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Hi, Tom & Angie.
I’m really glad that I met you at Rescuefest because I am so happy with the system you installed for our new pup.
I had installed a similar product myself at my previous residence and it was such a disappointment. In addition to spending hours trying to install the system myself, I struggled with getting my dog to properly acclimate to the system and ended up not using it at all. So all that time and money was a frustrating waste.
Your technician did a great job with a tricky installation in our backyard (with a pool, a lake, and big oak trees with big roots). My dog responded quickly to the training techniques and seemed to be fully trained after only 2-3 corrections. When your technician came back out for the second training session, it was evident that my dog was fully trained and the system had worked perfectly. It is so nice to allow my dog to run freely around the back yard with no concern about her wandering off or chasing dogs/cats outside of our property.
The money spent was well worth it, so feel free to use my testimonial to share with others that are considering Invisible Fence® Brand versus a competing product or method.
Stan & Jennifer Pelz
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> Health and Well Being
> Behavior Changes
Senior pets often develop health issues that can appear initially as changes in behavior. These changes can be misinterpreted as a sudden loss of normal good behavior in the pet.
"Barney just isn't himself anymore. He seems not to hear us when we ask him to do the things he's always done. Is he developing bad behavior?" This is a question that veterinarians are often asked about older pets. It is important to recognize a simple fact; Old age is not a disease.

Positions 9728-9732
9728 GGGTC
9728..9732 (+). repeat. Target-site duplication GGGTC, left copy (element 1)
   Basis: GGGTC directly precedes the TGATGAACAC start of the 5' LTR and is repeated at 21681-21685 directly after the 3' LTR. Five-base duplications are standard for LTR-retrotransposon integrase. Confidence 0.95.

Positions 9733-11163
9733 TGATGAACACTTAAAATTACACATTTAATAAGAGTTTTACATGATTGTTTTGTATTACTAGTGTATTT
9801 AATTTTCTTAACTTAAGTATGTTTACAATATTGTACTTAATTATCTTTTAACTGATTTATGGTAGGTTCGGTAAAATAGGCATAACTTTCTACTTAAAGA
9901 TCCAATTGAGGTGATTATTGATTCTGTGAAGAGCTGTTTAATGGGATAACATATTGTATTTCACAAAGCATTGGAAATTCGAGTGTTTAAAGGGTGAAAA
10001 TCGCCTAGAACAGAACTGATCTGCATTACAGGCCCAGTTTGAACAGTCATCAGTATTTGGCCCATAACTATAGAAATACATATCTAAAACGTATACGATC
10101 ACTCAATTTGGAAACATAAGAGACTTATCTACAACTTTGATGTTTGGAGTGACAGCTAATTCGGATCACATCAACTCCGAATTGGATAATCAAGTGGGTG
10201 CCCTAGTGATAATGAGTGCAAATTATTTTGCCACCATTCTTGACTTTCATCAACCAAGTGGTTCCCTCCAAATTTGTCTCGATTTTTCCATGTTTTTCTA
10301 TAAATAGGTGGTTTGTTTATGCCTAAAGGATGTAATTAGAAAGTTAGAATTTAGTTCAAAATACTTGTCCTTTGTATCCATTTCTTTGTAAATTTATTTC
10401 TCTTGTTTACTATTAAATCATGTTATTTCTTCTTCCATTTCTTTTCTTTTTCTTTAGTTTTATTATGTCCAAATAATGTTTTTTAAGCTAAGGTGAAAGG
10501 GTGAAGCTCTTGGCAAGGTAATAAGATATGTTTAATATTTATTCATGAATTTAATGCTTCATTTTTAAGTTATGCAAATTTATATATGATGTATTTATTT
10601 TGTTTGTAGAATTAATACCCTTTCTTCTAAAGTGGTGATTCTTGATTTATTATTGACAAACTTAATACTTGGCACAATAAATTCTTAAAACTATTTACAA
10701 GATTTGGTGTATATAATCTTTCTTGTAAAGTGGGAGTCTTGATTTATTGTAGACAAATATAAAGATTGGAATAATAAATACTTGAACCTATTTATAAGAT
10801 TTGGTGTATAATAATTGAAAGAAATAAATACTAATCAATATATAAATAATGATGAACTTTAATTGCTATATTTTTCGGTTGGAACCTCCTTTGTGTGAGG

Senior pets often develop health issues that can appear initially as changes in behavior. These changes can be misinterpreted as a sudden loss of normal good behavior in the pet. In fact the behavior changes do not stem from a willing desire to be "bad". They are due to several common medical conditions that can be present in our older pets such as: cognitive dysfunction syndrome, osteoarthritis, and endocrine imbalances.
Cognitive dysfunction syndrome (CDS) is a condition of reduced dopamine production in the brain. This can lead to a reduction in your pets' ability to recognize normal behavioral stimuli. They appear less interested, less active, or less familiar with you and their environment.
Osteoarthritis (OA) affects one in five dogs in the United States. Many times owners think that the sudden loss of their pets' interest in playing or being active is due to old age. In fact OA causes chronic discomfort and loss of ability to use the affected joint(s) properly. This leads to a reduction in desire to move or respond to environmental stimuli.
Endocrine imbalances also can have a profound effect on your pets' behavior. Low or high levels of thyroid hormone or steroids in your pets system can have a substantially negative impact on their response to their environment.
If your pet starts to behave atypically, the first thing you should do is consult your veterinarian. In many cases simple screening tests or blood samples can help discover the true reason for your pets' change in behavior. Medications are available that can help return your pet to his normal behavioral ways.
Source: Peter H. Eeg, B.Sc., DVM